Once upon a time, there was a mystical, magical land where beer grew on trees, boys only wore pants and bowties that looked like the Easter bunny threw up on them and textbooks, cigarettes, microwaveable burritos, alcoholic beverages and other pleasantries could be purchased with special currency that magically refilled itself each semester (or with one desperate call to Mom).
This special land was where young idiots from New Jersey (like myself) would go to endure rigorous training to become successful accountants, surgeons, journalists and other boring professions that we swore in third grade we would never succumb to. (If only my plans to marry Chuck Norris and star in our own Broadway musical had prevailed.)
This pedagogical boot camp was protected by an invisible force field that prevented communication with the outside world. Yes, I'm referring to Richmond, not Hogwarts (although there are some Muggles who can be spotted playing the occasional Saturday game of Quidditch on the IM fields [no, but seriously]).
The Richmond student's detachment from society usually begins during the first week of school, which can somewhat resemble the post-apocalypse.
For the first few days, food is sparse in your apartment, your living quarters are barren and communication is limited. Your wireless Internet connection is down, you have no cell phone service indoors and the August Richmond sun is too harsh to remain outside.
And even if you had service, you already lost your iPhone, SpiderCard and wallet. Free beer and a few stale pretzel rods are the only sustenance available.
By the time the first week of classes is over, you're already behind and your parents have contacted the dean to check if you're still alive because your wallet was found at a two-in-one barbecue and tattoo shop in West Virginia.
Even if the above sequence doesn't happen to you verbatim, it's easy to get behind and lose track of the outside world at this school.
Sunday through Friday (fine -- Sunday through Thursday) most of our time is spent in classes or in the library. By Thursday, cabin fever has reduced our minds to a puddle of soggy Froot Loops and the only way to prevent permanent insanity is to claptrap and hogwash at the lodges, consume large amounts of Chick-fil-A and be with our loved ones.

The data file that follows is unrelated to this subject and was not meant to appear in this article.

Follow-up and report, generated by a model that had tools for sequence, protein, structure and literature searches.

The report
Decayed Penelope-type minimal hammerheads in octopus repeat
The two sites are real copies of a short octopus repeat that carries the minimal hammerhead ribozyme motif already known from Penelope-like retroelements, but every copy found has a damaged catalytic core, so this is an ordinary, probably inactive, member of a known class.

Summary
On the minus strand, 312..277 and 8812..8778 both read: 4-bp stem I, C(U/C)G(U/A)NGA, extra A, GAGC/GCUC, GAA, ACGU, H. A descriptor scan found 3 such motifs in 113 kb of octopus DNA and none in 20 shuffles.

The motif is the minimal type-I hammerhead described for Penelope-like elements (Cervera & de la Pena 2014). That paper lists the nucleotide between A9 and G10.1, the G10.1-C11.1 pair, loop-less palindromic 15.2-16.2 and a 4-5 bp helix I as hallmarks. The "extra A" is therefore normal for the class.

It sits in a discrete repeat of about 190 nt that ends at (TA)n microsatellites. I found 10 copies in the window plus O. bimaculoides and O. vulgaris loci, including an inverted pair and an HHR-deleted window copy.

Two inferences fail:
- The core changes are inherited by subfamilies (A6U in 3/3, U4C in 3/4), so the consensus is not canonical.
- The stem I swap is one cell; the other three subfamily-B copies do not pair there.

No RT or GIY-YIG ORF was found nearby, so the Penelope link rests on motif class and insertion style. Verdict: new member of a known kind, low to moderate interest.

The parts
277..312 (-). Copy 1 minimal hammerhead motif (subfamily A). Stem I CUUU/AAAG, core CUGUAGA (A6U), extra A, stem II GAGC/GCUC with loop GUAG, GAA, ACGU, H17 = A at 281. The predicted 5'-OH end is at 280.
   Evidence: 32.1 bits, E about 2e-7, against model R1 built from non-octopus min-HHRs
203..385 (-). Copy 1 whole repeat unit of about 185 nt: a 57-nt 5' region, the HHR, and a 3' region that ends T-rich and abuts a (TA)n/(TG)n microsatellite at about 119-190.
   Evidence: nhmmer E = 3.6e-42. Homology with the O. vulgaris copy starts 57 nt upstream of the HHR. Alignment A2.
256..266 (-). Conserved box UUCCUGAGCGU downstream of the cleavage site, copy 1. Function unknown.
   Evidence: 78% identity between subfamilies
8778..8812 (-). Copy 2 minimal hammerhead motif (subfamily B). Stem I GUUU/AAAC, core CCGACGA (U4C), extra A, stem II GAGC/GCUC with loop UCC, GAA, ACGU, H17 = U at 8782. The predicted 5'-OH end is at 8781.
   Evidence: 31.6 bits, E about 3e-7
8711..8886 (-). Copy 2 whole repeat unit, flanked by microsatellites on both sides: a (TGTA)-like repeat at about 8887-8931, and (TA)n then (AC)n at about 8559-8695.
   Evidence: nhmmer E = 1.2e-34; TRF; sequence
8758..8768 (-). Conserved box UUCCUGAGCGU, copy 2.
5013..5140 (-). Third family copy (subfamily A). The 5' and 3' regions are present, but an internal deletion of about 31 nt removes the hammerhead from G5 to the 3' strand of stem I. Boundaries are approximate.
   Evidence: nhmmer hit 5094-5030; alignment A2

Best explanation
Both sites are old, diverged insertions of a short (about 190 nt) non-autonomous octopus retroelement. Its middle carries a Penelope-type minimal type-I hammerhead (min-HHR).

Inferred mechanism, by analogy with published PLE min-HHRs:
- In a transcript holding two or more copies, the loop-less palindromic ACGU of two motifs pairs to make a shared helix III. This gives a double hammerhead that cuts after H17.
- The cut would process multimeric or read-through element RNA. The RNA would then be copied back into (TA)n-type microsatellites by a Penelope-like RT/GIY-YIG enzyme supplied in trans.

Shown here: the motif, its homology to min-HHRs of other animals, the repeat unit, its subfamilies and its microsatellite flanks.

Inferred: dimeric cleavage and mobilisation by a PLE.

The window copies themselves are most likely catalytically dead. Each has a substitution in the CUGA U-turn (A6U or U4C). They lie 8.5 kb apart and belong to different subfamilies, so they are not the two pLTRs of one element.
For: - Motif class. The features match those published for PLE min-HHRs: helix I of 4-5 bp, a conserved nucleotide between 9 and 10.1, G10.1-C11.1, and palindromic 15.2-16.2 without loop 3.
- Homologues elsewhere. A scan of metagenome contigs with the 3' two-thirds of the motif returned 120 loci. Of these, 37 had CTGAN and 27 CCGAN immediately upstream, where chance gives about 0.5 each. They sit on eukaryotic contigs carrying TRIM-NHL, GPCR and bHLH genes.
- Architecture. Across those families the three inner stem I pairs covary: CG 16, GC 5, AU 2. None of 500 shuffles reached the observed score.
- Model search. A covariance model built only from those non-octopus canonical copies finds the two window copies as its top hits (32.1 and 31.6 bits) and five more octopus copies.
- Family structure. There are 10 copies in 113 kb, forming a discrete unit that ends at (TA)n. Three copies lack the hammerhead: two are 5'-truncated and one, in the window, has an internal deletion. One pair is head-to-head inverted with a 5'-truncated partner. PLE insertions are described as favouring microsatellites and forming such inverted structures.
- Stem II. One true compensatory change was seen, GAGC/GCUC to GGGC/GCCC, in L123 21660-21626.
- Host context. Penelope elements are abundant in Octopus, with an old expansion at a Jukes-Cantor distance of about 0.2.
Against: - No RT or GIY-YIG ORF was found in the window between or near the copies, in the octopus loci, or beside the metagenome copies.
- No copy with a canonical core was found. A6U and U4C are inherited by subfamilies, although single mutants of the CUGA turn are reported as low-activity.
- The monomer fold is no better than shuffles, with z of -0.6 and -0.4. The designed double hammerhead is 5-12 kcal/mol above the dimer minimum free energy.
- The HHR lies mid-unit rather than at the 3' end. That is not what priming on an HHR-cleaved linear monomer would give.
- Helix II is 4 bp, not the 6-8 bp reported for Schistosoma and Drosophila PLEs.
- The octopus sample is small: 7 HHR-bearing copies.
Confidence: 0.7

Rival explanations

The last thing we want to do in our treasured free time is read about road-side bombings in Afghanistan or check out how the markets did that day in China.
This of course doesn't apply to everyone. Some are avid news consumers. But for a lot of us, the news is at the bottom of our list of priorities (no, your Facebook newsfeed isn't "news" ... nope, neither is TMZ).
And for most, the following information isn't a shock, but in case you don't want your Richmond bubble burst, now is the time to stick your fingers in your ears, start rocking back and forth and sing "Lalalalalalala."
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This summer a wise bird told me that the most underrated problem with college job and internship applicants is that they don't keep up with the news. He said there is no better way to impress than being able to aptly relate current events to your field of study during an interview or while networking.
Four years and a $200,000 education is probably not a bad start to insuring yourself against reverting to a hunter-gatherer lifestyle. But, a degree without knowledge of its practical application is like a writer without a muse, a heart without a beat, a Sigma Chi without a lax pinny.
Unfortunately, the world after college is not all Silly Bandz and Four Lokos. So, in case you think Hurricane Earl is a new mixed drink at Mexico's or that the Tea Party is something that involves scones and Arnold Palmers, I would recommend taking a journalism class if you can fit it in your schedule during your time left at Richmond.
Although having the news shoved down your throat daily isn't the most fun activity, you'll be forced to get into the routine of reading the paper or checking it online (because otherwise you'll probably fail the class -- no pressure). And, regardless of your major, you'll be informed about current events that relate to your field of study and have a basic knowledge of current information not related to your field of study.
And, if you're an upperclassman and don't have time to take a journalism class and haven't read an inch of news since ... well ... ever? There are a few options: you could succumb to a life of destitution and misery and begin bartering your textbooks for sets of knives to sell door-to-door. (Please skip my apartment. I'm sure your knives are very nice and sharp, but we already happen to have some.)
The least time-consuming method would probably be to get the newspaper regularly and rub it against your head so that the information transfers into your brain via osmosis. This has a zero percent success rate and is probably about as useful to your career as your bellybutton, but amusing to watch, nonetheless.
Or, you could devote a third of the time you spend on Facebook (probably playing Farmville) to reading the news. After all, some news is good news.
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